Home Forums Melanoma Diagnosis: Stage IV Expanded Access vs. Compassionate Use?

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    I’ve seen several posts here and elsewhere about “Expanded Access Programs” and “Compassionate Use”, including comments that they are not the same thing and along with suggestions that there needs to be changes to how patients with advanced disease (and out of treatment options) get access to experimental medications and treatments — I use the term “experimental” loosely to simply encompass any therapy not approved by the FDA (in the U.S.) I’m bringing this up as a separate thread not to start a debate, but to understand the issue better myself, and perhaps educate others as well. I mentioned the topic in another thread here not long ago, but am still not clear.

    So, if they are not the same thing, what is the difference? If I search “fda compassionate use”, the first link at:

    http://www.fda.gov/ForConsumers/ByAudience/ForPatientAdvocates/AccesstoInvestigationalDrugs/ucm176098.htm” class=”bbcode_url”>http://www.fda.gov/ForConsumers/ByAudience/ForPatientAdvocates/AccesstoInvestigationalDrugs/ucm176098.htm

    takes me to the FDA site, where they state in the first sentence:

    Expanded access, sometimes called “compassionate use,” is the use of an investigational drug outside of a clinical trial to treat a patient with a serious or immediately life-threatening disease or condition who has no comparable or satisfactory alternative treatment options.

    According to the FDA, they’re the same thing. Other sources all state something similar. In my recent post, I wondered if perhaps there was a subtle difference wherein an “expanded access program” was a formalized way, authorized by the FDA, for a pharmaceutical company to offer larger scale access to an experimental treatment prior to FDA approval to patients in “no other option” scenarios, while “compassionate use” was the same situation, but on an individual, one-off basis, where the doctor and patient work with the pharmaceutical company and FDA to obtain individual approval. If that’s the difference, is the issue that the individual compassionate use scenario is happening less frequently, primarily due to resistance from the pharmaceutical companies to make their medications available on an individual basis?

    I also noted that “expanded access” may be a less frightening term than “compassionate use”, sounding less like a last ditch effort for someone who is out of FDA-approved options. Using the current anti-PD-1 EAPs as an example, to me “expanded access” sounds less harsh to me, but the fact is that to qualify for the program, it is a “compassionate use” scenario insofar as the requirement is that other options (ipilimumab and, if appropriate, anti-BRAF) must have all been tried and failed. Is the issue with the anti-PD-1 EAPs that by having certain criteria for brain metastases that they are not truly “compassionate use”?

    I’d like to understand the difference and issue(s) better, both so I can make my voice heard on the issue(s) and so I know what I’m up against if I should find myself in the situation where this suddenly becomes much more personal. Catherine, any insight you (or anyone else reading this) can provide is appreciated.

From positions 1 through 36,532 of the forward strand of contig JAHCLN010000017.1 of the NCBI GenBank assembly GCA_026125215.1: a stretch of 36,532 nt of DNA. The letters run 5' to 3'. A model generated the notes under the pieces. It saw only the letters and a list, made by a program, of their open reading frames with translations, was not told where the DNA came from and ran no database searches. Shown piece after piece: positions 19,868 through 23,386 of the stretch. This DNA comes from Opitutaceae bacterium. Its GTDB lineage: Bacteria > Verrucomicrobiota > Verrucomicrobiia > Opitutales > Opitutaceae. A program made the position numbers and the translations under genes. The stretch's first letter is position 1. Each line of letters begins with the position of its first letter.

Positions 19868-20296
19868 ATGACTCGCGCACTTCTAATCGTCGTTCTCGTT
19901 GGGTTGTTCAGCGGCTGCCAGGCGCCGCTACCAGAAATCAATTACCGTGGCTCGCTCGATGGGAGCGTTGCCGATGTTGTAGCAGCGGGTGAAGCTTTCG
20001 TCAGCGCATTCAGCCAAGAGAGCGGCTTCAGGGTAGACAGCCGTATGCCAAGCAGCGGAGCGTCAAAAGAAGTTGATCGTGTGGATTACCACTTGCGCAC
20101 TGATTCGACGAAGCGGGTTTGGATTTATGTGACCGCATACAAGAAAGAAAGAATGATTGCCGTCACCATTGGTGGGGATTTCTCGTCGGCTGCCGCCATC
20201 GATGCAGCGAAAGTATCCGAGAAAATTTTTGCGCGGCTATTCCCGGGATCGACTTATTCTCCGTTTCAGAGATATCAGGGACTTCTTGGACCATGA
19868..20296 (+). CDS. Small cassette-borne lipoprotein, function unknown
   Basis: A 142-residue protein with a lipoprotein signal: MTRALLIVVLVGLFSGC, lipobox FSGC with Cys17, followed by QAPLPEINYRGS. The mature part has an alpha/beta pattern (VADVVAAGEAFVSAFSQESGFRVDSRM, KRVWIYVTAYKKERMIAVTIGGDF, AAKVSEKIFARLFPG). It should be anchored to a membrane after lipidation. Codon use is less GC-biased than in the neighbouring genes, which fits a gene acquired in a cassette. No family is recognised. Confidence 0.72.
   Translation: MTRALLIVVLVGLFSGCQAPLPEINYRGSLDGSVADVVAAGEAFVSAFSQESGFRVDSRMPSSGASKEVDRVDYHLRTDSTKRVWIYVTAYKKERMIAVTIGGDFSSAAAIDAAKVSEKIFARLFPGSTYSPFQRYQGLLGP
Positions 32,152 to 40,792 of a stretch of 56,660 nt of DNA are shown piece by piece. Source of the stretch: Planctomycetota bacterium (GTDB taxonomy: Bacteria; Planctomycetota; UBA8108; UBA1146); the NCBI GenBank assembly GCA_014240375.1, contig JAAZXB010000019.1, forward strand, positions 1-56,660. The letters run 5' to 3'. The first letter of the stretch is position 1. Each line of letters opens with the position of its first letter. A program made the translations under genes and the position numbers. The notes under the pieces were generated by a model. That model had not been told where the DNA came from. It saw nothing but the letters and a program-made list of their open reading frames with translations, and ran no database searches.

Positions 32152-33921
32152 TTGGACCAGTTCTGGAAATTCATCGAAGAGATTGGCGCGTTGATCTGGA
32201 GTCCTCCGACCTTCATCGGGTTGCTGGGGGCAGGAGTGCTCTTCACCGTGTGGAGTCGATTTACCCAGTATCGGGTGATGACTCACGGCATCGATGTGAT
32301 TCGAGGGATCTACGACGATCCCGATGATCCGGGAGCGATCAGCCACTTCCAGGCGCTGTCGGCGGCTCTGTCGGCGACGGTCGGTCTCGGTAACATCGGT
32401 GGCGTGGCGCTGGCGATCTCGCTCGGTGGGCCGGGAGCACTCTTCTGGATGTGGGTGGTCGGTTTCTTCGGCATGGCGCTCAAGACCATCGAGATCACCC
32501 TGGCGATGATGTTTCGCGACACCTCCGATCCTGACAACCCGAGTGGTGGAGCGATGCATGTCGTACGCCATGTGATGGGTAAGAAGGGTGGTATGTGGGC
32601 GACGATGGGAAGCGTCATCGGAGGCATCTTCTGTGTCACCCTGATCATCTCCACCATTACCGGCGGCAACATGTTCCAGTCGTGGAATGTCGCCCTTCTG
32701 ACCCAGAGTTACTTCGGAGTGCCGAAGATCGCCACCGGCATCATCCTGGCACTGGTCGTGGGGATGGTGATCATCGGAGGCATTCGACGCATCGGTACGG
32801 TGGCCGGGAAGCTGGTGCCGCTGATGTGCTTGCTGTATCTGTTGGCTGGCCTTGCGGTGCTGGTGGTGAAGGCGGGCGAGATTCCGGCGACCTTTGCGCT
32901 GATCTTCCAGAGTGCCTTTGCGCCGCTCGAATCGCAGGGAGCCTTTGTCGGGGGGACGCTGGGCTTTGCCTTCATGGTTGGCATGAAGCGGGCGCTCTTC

[Personal note: I’m not currently participating in or considering an anti-PD-1 trial or EAP. I was diagnosed at Stage IV in the summer of 2010 and have never been NED (close a few times). I’ve had TIL, IL-2, ipilimumab, 7 surgeries, and 6 rounds of radiation. I’m BRAF-positive, but we’ve been able to keep the BRAF/MEK medications in our “back pocket”. The same goes for the anti-PD-1 medications. Nothing at all against them; every new metastasis has been a decision point where it hasn’t been the right time, and if we reach that time, hopefully we’ll be at a point where at least one is approved and we don’t have to deal with the complications of an EAP or trial, i.e. “we’ll cross that bridge when we come to it.”]



    Catherine Poole

    From my conversations with the FDA and pharma they are two entirely different things. Compassionate use is usually a patient by patient basis whereas they appeal to the FDA and they work with Pharma to provide. The Expanded Access opens up the therapy to all in a trial like setting with restrictions and usually prior to the drug being approved.


    Thanks for responding Catherine, it sounds like what I was thinking is the difference. It’s subtle but huge for someone when an EAP isn’t available or when the EAP requirements, e.g. about brain mets, keep someone from participating in the EAP. Do you have any insight into why the FDA seems to publicly communicate that they are the same thing?

    There certainly aren’t any easy answers. I’ve monitored the ever-growing debate about the “right to try”, with laws passed or pending in three states (Colorado, Louisiana, and Missouri) attempting to give patients greater access to experimental medications. One recent article is here:

    http://www.washingtonpost.com/national/health-science/right-to-try-laws-spur-debate-over-dying-patients-access-to-experimental-drugs/2014/05/16/820e08c8-dcfa-11e3-b745-87d39690c5c0_story.html” class=”bbcode_url”>http://www.washingtonpost.com/national/health-science/right-to-try-laws-spur-debate-over-dying-patients-access-to-experimental-drugs/2014/05/16/820e08c8-dcfa-11e3-b745-87d39690c5c0_story.html

    The biggest issue seems to be that there is nothing in any of the new legislation that compels or requires a pharmaceutical company to offer a medication on a compassionate use basis. Perhaps by reducing the red tape and requirements currently in place by the FDA would bring more pharmaceutical companies to the table, but I think the problem is larger than that.

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